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Simultaneous determination of dissolved inorganic carbon (DIC) concentration and stable isotope (δ13C-DIC) by Cavity Ring-Down Spectroscopy: Application to study carbonate dynamics in the Chesapeake Bay

Citation: Jianzhong Su, Wei-Jun Cai, Najid Hussain, Jean Brodeur, Baoshan Chen, Kuan Huang, Simultaneous determination of dissolved inorganic carbon (DIC) concentration and stable isotope (δ13C-DIC) by Cavity Ring-Down Spectroscopy: Application to study carbonate dynamics in the Chesapeake Bay, Marine Chemistry, Volume 215, 2019, 103689, ISSN 0304-4203,

Dissolved inorganic carbon (DIC) and its stable isotope (δ13C-DIC) are powerful tools for exploring aquatic biogeochemistry and the carbon cycle. Traditionally, they are determined separately with a DIC analyzer and an isotope ratio mass spectrometer. We present an approach that uses a whole-water CO2 extraction device coupled to a Cavity Ring-Down Spectroscopy (CRDS) CO2 and isotopic analyzer to measure DIC and δ13C-DIC simultaneously in a 3–4 mL sample over an ~11 min interval, with an average precision of 1.5 ± 0.6 μmol kg−1 for DIC and 0.09 ± 0.05‰ for δ13C-DIC. The system was tested on samples collected from a Chesapeake Bay cruise in May 2016, achieving a precision of 0.7 ± 0.5 μmol kg−1 for DIC and 0.05 ± 0.02‰ for δ13C-DIC. Using the simultaneously measured DIC and δ13C-DIC data, the biogeochemical controls on DIC and its isotope composition in the bay during spring are discussed. In the northern upper bay, the main controlling processes were CO2 outgassing and carbonate precipitation, whereas primary production (surface) and degradation of organic carbon (subsurface) dominated in the southern upper bay and middle bay. By improving the mode of sample introduction, the system could be automated to measure multiple samples. This would give the system the potential to provide continuous shipboard measurements during field surveys, making this method more powerful for exploring the complicated carbonate system across a wide range of aquatic settings.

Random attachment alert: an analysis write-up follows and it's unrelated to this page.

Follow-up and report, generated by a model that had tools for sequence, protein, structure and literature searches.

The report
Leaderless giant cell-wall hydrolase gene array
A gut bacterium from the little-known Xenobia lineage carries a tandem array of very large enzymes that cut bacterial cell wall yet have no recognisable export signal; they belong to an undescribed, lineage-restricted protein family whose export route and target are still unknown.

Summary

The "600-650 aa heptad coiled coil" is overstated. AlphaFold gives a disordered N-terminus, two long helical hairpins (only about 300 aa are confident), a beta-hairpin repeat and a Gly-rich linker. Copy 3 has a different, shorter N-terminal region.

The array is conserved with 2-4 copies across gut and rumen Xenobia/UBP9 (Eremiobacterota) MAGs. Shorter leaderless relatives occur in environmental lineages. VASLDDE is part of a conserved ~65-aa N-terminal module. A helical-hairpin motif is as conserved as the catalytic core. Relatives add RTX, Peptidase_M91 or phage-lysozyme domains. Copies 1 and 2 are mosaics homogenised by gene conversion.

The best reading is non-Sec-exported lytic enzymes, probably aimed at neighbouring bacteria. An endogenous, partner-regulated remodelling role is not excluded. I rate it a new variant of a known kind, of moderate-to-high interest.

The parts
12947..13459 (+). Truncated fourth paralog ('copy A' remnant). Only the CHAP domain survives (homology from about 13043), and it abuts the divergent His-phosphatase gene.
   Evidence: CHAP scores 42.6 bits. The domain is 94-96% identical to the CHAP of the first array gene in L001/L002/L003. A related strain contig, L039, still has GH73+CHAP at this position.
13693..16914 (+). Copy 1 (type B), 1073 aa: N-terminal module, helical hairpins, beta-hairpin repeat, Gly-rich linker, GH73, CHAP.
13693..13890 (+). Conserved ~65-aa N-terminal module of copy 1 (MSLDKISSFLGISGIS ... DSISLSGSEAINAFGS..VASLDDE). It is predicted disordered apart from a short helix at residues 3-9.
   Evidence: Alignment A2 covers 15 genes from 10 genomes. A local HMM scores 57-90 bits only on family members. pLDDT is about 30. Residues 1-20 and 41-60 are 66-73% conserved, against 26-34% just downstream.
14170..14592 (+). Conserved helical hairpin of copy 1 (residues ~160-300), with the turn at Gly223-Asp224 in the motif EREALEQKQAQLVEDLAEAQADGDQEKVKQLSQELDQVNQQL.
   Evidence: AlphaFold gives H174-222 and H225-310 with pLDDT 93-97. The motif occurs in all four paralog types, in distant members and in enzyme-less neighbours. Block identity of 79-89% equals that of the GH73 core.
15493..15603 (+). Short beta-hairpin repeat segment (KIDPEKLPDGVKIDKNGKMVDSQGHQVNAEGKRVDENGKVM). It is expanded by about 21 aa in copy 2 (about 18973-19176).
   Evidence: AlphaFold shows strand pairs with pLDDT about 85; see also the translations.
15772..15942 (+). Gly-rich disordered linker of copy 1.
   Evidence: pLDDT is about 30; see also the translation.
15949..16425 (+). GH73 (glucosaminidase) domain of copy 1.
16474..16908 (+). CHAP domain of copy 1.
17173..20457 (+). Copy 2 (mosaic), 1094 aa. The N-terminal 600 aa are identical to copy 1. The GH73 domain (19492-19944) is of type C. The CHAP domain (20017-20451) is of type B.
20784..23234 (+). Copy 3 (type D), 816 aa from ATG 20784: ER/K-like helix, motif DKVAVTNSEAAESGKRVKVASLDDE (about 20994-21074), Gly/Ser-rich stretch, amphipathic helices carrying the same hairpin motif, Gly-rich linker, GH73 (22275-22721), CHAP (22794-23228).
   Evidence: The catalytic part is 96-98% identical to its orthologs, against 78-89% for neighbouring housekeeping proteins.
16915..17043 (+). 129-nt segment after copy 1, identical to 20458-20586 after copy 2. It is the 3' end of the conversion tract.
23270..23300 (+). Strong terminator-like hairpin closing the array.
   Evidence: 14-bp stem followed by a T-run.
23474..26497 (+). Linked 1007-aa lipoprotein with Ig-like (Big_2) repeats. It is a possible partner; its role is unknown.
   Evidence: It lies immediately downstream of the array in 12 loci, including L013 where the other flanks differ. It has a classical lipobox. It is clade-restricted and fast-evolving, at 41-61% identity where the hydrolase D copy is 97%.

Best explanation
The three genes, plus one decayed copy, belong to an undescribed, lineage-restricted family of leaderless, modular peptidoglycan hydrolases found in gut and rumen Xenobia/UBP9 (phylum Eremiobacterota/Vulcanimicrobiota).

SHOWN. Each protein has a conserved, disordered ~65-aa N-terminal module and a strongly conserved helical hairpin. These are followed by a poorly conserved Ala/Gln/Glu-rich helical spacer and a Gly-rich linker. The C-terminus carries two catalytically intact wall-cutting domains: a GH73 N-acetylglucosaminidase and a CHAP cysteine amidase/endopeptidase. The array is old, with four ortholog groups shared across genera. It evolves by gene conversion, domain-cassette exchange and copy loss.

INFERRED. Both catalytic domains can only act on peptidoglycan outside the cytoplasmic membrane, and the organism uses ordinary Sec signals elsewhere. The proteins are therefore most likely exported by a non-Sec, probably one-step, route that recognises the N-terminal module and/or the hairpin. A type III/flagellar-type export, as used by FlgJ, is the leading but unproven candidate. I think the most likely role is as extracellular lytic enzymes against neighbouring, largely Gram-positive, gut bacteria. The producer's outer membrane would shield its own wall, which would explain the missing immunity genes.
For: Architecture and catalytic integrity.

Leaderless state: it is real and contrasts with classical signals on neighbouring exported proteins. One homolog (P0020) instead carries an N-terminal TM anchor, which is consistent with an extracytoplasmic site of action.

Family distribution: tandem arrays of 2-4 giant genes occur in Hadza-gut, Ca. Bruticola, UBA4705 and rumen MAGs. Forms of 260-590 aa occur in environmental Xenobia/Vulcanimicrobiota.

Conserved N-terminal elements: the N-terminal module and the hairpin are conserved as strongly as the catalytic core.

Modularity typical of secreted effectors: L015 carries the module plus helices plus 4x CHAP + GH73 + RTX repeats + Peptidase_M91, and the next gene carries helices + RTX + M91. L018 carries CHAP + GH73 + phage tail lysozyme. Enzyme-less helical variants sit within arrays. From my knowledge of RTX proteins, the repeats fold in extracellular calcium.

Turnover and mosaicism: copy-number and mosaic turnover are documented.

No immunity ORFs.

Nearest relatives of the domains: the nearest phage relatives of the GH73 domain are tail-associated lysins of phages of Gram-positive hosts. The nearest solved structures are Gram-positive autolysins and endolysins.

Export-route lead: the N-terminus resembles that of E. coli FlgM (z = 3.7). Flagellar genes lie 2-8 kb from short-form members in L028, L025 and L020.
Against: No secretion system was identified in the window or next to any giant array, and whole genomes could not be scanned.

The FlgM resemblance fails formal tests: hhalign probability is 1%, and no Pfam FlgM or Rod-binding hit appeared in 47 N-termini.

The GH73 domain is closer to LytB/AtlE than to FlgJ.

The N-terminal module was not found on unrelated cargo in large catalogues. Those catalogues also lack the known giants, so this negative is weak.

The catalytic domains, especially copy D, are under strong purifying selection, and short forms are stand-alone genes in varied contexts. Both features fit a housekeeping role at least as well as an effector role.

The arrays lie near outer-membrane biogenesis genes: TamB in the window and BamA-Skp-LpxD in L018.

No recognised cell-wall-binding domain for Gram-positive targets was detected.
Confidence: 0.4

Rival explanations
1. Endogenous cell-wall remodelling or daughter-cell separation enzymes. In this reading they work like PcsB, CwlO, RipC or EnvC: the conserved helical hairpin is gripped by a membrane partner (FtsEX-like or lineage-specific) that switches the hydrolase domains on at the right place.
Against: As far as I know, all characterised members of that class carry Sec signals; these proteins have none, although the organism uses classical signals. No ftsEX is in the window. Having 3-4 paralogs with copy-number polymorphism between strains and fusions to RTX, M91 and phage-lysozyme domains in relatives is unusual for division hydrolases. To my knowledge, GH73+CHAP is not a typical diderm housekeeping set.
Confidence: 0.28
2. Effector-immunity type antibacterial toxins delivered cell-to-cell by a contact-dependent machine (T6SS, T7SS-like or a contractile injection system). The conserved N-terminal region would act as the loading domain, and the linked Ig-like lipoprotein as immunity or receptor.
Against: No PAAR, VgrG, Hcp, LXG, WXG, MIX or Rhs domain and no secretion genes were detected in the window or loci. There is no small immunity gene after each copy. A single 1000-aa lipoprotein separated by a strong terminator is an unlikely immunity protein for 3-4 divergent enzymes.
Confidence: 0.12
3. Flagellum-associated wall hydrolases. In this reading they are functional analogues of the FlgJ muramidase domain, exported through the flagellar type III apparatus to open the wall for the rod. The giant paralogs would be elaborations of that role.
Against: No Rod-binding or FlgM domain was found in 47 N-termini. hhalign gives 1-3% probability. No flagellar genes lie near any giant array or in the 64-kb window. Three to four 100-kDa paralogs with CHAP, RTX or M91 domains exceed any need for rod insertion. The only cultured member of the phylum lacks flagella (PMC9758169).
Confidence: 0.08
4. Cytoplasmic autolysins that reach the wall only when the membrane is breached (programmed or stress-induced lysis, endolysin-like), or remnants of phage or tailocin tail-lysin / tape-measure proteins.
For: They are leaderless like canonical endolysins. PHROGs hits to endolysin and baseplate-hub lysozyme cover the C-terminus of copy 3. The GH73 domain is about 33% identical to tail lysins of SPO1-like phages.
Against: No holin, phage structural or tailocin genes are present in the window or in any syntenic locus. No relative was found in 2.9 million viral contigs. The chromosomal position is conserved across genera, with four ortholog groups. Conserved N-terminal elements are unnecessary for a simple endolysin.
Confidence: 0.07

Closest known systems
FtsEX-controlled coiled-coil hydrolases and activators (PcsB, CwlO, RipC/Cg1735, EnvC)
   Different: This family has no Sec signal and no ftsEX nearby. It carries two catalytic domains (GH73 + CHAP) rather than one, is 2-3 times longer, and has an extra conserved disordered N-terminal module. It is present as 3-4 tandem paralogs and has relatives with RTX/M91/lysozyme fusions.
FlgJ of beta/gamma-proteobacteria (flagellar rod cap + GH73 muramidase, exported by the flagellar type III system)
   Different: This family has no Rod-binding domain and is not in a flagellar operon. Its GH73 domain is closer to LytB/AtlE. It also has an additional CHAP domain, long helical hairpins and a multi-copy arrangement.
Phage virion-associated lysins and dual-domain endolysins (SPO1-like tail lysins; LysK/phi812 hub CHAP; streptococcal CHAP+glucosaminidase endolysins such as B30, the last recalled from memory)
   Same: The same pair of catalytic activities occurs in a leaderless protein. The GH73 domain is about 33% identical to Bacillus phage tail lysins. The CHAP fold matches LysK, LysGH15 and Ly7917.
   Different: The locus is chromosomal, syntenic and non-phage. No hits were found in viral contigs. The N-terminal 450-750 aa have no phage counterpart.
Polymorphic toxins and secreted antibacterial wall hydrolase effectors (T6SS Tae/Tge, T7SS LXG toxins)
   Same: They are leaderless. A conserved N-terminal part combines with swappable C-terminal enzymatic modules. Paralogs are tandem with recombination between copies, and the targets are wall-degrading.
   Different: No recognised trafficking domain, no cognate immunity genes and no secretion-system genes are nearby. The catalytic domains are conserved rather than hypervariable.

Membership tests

Funding from NOAA grant NA15NOS4780190.

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The NOAA Ocean Acidification Program (OAP) works to prepare society to adapt to the consequences of ocean acidification and conserve marine ecosystems as acidification occurs. Learn more about the human connections and adaptation strategies from these efforts.

Adaptation approaches fostered by the OAP include:


Using models and research to understand the sensitivity of organisms and ecosystems to ocean acidification to make predictions about the future, allowing communities and industries to prepare


Using these models and predictions as tools to facilitate management strategies that will protect marine resources and communities from future changes


Developing innovative tools to help monitor ocean acidification and mitigate changing ocean chemistry locally


On the Road

Drive fuel-efficient vehicles or choose public transportation. Choose your bike or walk! Don't sit idle for more than 30 seconds. Keep your tires properly inflated.

With your Food Choices

Eat local- this helps cut down on production and transport! Reduce your meat and dairy. Compost to avoid food waste ending up in the landfill

With your Food Choices

Make energy-efficient choices for your appliances and lighting. Heat and cool efficiently! Change your air filters and program your thermostat, seal and insulate your home, and support clean energy sources

By Reducing Coastal Acidification

Reduce your use of fertilizers, Improve sewage treatment and run off, and Protect and restore coastal habitats

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You've taken the first step to learn more about ocean acidification - why not spread this knowledge to your community?

Every community has their unique culture, economy and ecology and what’s at stake from ocean acidification may be different depending on where you live.  As a community member, you can take a larger role in educating the public about ocean acidification. Creating awareness is the first step to taking action.  As communities gain traction, neighboring regions that share marine resources can build larger coalitions to address ocean acidification.  Here are some ideas to get started:

  1. Work with informal educators, such as aquarium outreach programs and local non-profits, to teach the public about ocean acidification. Visit our Education & Outreach page to find the newest tools!
  2. Participate in habitat restoration efforts to restore habitats that help mitigate the effects of coastal acidification
  3. Facilitate conversations with local businesses that might be affected by ocean acidification, building a plan for the future.
  4. Partner with local community efforts to mitigate the driver behind ocean acidification  – excess CO2 – such as community supported agriculture, bike & car shares and other public transportation options.
  5. Contact your regional Coastal Acidification Network (CAN) to learn how OA is affecting your region and more ideas about how you can get involved in your community
       More for Taking Community Action